In what Vox does coincide completely with other far-right parties is in its Euroscepticism. He associates the EU with an alleged "offensive by globalist elites" against "Christian values". He accuses the community institutions of promoting immigration, when all the objectives of the European Commission go in the opposite direction, and subscribes to the "great replacement" conspiracy theory. It declares itself against the evolution of the EU in the last 30 years since the Maastricht Treaty.

Buxadé was able to contradict himself in a matter of seconds at a press conference this week. When explaining the agreements of the Madrid summit, he demanded compliance with the treaties in the face of the later pro-European drift, and immediately demanded with the same firmness "the primacy of national constructions over treaties". In short, Vox rejects everything the EU has achieved in recent decades.

It is what led the ABC newspaper to denounce in a Sunday editorial not the policies of Vox, but the support for its allies: "Poland and Hungary may perhaps be an example of patriotism and moral integrity in an excessively practical Europe, but above all they are two authoritarian countries whose leaders have brought them into conflict with the EU" . In an attempt not to offend the extreme right to which it does not deny its "patriotism", the newspaper does not charge directly against Abascal, but against Poles and Hungarians for trying to "violate and blow up" the architecture of the EU. Thus, the problem is not Vox, but its "bad companies".

"Vox has revamped a traditional myth of the extreme right, Hispanidad, with the neologism Iberosfera", Professor Xavier Casals has written. It tries to become a bridge between the two continents for the promotion of the most extremist ideas and "connects a broad spectrum of the European extreme right with another from America, which includes everything from Bolsonaro to Republican senator Ted Cruz."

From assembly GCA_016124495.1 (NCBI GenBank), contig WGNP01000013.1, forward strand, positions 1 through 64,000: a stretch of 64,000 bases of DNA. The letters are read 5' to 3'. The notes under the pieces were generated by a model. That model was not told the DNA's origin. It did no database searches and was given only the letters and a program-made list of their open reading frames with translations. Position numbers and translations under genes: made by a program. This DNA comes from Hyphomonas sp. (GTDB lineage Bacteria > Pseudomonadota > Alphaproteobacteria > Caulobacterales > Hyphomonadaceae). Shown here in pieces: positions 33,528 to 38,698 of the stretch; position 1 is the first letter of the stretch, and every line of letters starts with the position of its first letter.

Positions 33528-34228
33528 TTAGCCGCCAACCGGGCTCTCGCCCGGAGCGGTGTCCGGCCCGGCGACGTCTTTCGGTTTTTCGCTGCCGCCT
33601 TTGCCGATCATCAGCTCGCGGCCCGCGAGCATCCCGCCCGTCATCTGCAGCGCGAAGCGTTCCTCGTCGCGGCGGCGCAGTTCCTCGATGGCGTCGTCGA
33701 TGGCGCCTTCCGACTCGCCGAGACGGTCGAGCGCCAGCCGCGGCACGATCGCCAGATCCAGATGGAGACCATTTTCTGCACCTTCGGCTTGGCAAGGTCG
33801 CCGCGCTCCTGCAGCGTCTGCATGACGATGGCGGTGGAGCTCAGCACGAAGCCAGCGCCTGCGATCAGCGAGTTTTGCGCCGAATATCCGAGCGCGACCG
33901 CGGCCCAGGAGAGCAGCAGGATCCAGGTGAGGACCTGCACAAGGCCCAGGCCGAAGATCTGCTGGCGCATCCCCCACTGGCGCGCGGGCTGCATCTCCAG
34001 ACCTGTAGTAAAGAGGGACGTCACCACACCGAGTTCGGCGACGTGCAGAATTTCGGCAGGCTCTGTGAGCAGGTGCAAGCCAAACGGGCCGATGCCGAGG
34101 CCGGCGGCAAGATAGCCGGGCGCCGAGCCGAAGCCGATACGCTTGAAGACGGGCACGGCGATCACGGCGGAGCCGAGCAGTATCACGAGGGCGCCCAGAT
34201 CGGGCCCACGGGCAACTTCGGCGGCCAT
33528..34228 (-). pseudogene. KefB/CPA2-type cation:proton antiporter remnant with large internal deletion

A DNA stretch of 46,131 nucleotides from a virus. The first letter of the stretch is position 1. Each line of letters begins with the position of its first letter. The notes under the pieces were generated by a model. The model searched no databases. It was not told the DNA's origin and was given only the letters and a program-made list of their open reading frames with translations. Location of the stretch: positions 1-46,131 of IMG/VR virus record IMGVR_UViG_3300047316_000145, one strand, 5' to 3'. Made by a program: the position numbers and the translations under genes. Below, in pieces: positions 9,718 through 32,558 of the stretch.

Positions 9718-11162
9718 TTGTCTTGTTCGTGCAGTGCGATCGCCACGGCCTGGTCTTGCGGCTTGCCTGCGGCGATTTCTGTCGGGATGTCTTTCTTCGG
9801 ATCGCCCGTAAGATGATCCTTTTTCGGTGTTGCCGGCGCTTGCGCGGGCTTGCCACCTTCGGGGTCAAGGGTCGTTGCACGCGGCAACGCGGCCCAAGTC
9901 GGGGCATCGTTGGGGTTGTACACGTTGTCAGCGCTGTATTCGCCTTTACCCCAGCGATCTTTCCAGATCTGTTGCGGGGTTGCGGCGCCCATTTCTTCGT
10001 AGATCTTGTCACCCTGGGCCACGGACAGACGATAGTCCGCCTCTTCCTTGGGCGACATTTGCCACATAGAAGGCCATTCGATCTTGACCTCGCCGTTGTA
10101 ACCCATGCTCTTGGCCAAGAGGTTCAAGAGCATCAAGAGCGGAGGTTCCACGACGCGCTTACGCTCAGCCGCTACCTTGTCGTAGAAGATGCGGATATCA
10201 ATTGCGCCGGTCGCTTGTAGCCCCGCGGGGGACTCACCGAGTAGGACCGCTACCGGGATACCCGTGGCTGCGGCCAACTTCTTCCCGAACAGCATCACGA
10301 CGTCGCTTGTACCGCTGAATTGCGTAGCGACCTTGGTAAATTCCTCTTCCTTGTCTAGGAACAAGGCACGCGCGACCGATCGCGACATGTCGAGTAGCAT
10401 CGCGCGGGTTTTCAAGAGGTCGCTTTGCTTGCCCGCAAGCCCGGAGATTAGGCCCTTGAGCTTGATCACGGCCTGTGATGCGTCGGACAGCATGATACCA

The party believes that it has a clear path in its relations with similar Latin American parties. In the same conspiracy line about Europe, he alleges that the São Paulo Forum secretly controls several leftist governments in the area. In 2020, he launched an organization called Madrid Forum to counteract that influence and "send his criminal recipes to the dustbin of history," in the words of Abascal.

The advantage for Vox is that the right in some of those countries is not averse to joining the extreme right, as has been seen in Brazil or Peru. That has opened doors for Abascal, such as that of the OAS Secretary General, Luis Almagro, who was Uruguayan Foreign Minister with José Mugica, but who was expelled from the Broad Front in 2018 for being open to a military intervention to end the Government of Venezuela. He has also received the support of former Colombian conservative president Andrés Pastrana.

Espinosa de los Monteros described his party's presence in Latin America as a project to "give a cultural battle that has not taken place in the last twenty years." His most recent great hope has been far-right José Antonio Katz in Chile, who was defeated in the elections by Gabriel Boric. Now the objective is to support Bolsonaro in his bid to be re-elected in Brazil, although he is far behind Lula in the polls. One more defeat and only the statements of the leaders of Vox in Madrid will remain from the Iberosphere.